The Polaroids are not glue-friendly, which is because they are pretty much all plastic (apart from the white insert at the bottom) and therefore non-absorbent. I tried a glue roller, a hot-glue gun and craft PVA glue, and none of them where much good. Superglue probably would work. That brings me onto the second issue which was that securing the Polaroids in this way somehow detracted from their Polaroidness, you could only turn them, you couldn’t hold them, and I found this more irritating than I had imagined. The plastic was too hefty to stitch, especially with folds of paper front and back.
I returned to an earlier idea which was presenting the Polaroids in a stack, hole-punched in an upper corner and held with a metal ring that can be removed to allow the images to be held individually. I could still use the box to provide a front and back. I can also use the backs of the Polaroids as the fronts. I used reject prints to find the best way to hole-punch the images. Again, due to their plasticity, Polaroids are too hefty a job for hole punchers which are designed for paper (I broke our home punch testing this). I bought eyelet pliers from the ironmongers and discovered that Polaroids are not quite hefty enough for these, so ended up using the pliers and a hammer (to get enough force). This worked, albeit with a sacrificed knitting needle to poke the holes through.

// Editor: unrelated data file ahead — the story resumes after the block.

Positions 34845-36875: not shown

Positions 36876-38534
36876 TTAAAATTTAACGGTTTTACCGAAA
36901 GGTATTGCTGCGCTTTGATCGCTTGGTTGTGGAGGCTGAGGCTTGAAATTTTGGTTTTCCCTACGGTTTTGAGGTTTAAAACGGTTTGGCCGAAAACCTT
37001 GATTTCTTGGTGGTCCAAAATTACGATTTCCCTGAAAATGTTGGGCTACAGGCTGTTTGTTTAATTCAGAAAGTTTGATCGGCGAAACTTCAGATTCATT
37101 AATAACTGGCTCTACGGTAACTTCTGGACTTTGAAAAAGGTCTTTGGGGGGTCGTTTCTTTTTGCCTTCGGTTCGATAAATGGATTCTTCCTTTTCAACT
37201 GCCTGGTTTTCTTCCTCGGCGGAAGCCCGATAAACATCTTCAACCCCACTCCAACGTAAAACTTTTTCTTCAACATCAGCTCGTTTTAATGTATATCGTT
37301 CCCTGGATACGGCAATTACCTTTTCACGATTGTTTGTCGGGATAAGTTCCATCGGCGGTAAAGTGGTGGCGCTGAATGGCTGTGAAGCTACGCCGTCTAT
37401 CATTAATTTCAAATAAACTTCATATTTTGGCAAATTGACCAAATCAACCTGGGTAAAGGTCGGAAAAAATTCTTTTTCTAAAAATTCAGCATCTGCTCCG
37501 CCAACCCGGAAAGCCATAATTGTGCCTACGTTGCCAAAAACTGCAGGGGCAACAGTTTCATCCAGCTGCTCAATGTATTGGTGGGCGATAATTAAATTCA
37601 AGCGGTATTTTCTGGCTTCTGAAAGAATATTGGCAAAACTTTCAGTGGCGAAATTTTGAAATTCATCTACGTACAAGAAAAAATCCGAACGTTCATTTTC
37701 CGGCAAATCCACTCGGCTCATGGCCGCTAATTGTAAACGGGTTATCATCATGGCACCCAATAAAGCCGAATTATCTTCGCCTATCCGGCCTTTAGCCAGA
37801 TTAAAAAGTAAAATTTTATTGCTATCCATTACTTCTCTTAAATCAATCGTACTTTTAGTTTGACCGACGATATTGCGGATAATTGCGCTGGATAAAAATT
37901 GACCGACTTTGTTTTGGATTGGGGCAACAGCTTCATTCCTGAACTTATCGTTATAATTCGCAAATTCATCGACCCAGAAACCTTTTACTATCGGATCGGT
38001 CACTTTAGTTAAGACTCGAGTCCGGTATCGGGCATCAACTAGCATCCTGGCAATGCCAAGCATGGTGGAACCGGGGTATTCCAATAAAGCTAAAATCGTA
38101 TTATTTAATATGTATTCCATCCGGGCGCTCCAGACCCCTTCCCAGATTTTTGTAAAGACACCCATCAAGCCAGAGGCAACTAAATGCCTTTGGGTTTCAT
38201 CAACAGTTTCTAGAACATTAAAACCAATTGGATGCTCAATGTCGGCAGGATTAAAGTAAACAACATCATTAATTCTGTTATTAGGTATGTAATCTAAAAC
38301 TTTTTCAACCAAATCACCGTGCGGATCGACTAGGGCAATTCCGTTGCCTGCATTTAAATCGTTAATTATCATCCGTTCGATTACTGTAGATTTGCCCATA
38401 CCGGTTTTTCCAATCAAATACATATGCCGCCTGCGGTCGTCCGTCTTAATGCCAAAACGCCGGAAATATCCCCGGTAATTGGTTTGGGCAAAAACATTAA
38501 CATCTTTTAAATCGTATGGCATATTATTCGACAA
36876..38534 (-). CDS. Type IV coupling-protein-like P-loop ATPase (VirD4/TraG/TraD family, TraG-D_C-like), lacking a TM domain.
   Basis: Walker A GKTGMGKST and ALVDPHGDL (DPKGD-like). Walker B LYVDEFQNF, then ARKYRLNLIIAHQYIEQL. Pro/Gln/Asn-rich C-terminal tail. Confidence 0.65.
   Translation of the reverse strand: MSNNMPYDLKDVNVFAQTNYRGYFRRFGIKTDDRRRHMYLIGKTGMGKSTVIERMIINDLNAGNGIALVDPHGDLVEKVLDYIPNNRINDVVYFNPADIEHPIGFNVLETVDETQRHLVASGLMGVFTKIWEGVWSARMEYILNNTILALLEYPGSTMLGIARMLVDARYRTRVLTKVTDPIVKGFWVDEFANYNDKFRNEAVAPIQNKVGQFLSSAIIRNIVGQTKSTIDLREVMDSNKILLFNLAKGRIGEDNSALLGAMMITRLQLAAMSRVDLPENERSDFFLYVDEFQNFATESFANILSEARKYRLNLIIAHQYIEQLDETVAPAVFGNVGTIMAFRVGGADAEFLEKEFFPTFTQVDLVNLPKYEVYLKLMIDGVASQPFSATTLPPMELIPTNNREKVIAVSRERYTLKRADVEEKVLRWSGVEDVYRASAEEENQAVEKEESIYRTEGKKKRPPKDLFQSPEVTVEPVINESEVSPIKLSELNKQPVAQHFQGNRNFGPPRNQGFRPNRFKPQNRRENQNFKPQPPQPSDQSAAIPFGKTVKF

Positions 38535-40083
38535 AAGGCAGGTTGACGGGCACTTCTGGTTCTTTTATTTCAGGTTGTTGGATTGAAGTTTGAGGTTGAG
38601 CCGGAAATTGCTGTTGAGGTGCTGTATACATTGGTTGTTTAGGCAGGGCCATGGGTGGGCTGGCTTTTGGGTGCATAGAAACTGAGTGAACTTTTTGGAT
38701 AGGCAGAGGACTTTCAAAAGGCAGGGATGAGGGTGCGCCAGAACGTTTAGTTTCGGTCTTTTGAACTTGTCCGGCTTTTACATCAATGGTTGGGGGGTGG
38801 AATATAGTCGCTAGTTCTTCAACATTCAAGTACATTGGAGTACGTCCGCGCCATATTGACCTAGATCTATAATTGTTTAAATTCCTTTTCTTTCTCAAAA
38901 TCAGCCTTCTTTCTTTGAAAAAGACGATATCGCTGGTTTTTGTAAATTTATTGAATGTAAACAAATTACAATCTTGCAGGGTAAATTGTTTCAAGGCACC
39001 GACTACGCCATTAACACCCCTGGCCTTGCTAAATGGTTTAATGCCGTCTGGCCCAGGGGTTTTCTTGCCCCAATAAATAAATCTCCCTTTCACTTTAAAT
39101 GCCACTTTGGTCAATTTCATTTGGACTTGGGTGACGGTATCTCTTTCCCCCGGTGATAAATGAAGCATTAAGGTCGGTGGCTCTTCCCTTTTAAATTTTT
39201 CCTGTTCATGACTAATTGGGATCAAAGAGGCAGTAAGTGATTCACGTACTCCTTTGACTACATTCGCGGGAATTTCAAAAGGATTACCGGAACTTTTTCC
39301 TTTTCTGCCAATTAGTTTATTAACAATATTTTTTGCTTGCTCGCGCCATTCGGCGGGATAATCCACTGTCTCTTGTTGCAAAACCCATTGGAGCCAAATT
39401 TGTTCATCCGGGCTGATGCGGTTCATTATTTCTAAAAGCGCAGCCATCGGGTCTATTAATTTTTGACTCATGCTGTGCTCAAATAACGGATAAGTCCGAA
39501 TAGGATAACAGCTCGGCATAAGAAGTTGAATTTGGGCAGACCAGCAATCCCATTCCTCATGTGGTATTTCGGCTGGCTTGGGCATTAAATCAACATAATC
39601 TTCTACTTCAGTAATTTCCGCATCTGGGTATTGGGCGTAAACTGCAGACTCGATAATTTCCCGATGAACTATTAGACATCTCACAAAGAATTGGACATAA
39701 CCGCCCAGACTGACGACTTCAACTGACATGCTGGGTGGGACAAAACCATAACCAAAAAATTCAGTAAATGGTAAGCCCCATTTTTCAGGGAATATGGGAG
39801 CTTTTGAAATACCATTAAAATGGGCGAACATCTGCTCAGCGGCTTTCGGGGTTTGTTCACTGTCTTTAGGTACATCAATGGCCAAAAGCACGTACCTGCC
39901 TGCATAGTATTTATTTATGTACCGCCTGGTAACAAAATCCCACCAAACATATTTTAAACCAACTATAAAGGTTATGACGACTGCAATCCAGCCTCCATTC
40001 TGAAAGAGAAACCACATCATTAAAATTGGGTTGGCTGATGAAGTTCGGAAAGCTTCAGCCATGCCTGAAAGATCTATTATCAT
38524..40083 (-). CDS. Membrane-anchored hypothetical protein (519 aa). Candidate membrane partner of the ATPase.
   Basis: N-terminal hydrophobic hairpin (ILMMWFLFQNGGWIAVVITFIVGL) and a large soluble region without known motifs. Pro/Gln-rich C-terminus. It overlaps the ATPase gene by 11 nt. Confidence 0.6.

I wanted to have eight images/objects in the book and two images within acrylic blocks. The brief calls for a clear sequence. I’ve taken a slightly looser interpretation of this requirement. The book has emulsion lifts within the front and back overs for images 1 and 8, and then 2 through 7 start as an unaltered Polaroid then gradually show increasing amounts of manipulation. 9 and 10 are detached from paper completely and offer the chance to look through the windows and down the cloisters of Lacock Abbey, one exploring a framed construction mounted under the clear Mylar, and one wide open and unframed.
I was keen to explore everything that the Polaroid experience has to offer. I used the box. I used the whole frame, and I took images apart to make use of negatives, emulsions, mylar (the transparent front), the strip with branding, serial number, and the hidden number on an inside layer. Embossing and die-cutting added more possibilities to these components.